The 23rd May, 2013 came into being during a relentless autumn downpour. This was a tragedy! How was I going to walk from the Domain car park to the NSW State Library without my hair suffering ruination? How could I talk at the Sydney Writers Festival on The Forest for the Trees self-publishing panel if I looked like a smelly, old dog who’d just rolled in a muddy puddle?
With my umbrella glued to my head, I walked along the Macquarie Street footpath, cursing every raindrop. Just shy of my destination, when I thought I had survived nature’s onslaught and retained fabulous hair, some jerk, from the warm, dry comfort of his motor vehicle, swamped me with a wave of wet stuff when he (I’m assuming it was a man because they are always doing silly things) drove through a massive puddle and drenched my jeans. I think I actually growled and I definitely swore. Marching on, determined to ignore my plight, I reached my destination.
Okay, enough of the theatrics. I’ll get down to business now. I was honoured to be asked by the organisers of the Sydney Writers Festival (the biggest writers festival in Australia) to sit on the self-publishing panel. I love sharing what I’ve learnt in the last year and a half, with other writers who are dreaming of life as a published author and here was an awesome opportunity.
Chairing the panel was the kind and knowledgable author and crowd-funding specialist, Anna Maguire. She asked awesome questions of myself and the two other authors (who were also wonderful peeps), Chris Allen and Elisabeth Storrs.
Our roads to self-publishing were different: I have always (and probably always will be) self-published, Chris started as self-published but is now with Momentum Publishing, and Elisabeth started with a traditionally published book, but moved to be self published and actually decided not to renew her publishing contract when her publisher was bought out by another company. We all agreed that professional self-publishing is a good avenue for aspiring writers to pursue. Here are some pertinent points from our discussion (some of them refer to trad published authors too):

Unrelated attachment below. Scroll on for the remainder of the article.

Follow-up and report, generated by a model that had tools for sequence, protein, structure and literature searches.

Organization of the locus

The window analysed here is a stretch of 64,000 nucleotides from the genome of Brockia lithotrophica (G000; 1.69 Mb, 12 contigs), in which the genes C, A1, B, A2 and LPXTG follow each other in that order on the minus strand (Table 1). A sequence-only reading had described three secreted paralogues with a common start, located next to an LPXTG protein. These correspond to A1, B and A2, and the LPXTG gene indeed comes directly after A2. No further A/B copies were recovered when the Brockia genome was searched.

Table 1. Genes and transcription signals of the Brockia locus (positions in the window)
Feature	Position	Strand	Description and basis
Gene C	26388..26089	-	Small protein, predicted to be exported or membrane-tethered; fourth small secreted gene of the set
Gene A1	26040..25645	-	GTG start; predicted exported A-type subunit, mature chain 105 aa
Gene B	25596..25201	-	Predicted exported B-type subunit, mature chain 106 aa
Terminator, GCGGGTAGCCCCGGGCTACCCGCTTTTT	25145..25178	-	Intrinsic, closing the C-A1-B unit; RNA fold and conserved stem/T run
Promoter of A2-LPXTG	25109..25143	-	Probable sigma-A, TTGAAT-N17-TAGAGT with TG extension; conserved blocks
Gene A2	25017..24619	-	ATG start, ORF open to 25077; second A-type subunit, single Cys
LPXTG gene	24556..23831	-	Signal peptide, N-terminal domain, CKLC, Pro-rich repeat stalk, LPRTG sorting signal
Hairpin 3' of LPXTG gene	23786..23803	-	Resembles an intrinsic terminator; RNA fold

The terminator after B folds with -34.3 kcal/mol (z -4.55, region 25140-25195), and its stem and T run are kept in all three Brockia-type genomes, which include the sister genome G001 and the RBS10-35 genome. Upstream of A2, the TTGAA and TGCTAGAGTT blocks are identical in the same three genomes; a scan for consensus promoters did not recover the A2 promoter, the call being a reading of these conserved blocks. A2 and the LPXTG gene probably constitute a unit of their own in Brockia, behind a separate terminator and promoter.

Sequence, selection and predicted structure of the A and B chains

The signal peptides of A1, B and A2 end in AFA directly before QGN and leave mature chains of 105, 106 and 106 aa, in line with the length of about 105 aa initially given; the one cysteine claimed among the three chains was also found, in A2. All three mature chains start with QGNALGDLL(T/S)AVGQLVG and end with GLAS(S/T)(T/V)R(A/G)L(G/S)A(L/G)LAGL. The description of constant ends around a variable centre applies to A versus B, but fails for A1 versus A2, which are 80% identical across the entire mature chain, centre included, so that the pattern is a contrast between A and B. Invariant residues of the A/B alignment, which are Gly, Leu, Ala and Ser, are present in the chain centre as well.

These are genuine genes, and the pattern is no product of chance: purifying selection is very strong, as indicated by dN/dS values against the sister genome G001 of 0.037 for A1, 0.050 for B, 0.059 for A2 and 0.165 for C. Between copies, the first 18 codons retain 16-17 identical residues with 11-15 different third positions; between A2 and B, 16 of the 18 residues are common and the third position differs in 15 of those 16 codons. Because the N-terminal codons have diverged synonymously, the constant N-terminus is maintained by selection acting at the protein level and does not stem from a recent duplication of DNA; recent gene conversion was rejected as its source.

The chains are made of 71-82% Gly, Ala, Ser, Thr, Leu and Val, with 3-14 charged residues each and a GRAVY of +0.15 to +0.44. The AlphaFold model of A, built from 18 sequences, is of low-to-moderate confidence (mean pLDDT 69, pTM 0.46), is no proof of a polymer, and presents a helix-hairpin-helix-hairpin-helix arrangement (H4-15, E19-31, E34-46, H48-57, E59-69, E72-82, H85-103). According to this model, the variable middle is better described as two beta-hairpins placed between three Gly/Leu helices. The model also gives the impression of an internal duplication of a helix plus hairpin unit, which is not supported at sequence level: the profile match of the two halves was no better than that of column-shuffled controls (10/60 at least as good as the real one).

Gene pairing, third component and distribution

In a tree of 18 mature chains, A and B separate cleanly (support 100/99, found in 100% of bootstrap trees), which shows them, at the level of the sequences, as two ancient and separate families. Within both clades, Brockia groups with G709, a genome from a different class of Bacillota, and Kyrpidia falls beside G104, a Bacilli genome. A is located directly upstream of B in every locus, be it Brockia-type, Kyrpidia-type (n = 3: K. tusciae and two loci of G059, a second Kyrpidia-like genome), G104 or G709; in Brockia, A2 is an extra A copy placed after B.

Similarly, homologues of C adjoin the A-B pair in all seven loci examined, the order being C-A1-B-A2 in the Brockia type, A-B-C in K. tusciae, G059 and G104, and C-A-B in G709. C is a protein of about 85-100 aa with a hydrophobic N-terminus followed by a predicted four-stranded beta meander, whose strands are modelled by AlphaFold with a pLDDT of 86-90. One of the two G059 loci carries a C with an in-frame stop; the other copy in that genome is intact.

1. Have a blog/website.
2. Interact in the social media forum where you feel most comfortable.
3. Have your book edited!!!! One of the questions was “How much does it cost?” Editors charge at different rates—I’d say as a general rule between $40-$80 an hour (depending on their experience, reputation, and workload). The quote you receive also depends on the amount of time it will take to edit your work and the word count. When I edit, if the writing is good, I can edit up to 4,000 words an hour, if the writing is not so good, it can take an hour to edit 1,500 words, so prices for a 60,000 word book could range anywhere from $750-$2,500. If your writing is really not ready for editing, the editor should tell you and not take the job. If this happens with me, I edit a paragraph and tell the author to go away, learn what I’ve explained and apply it to the book before resubmitting. A good editor won’t want to waste your time or theirs.
4. Have your book proof-read.
5. Spend time creating a great cover which is relevant to your genre or set aside a budget to pay a professional.
6. Be patient: it takes time for the word to spread about your book and you want to be in it for the long haul.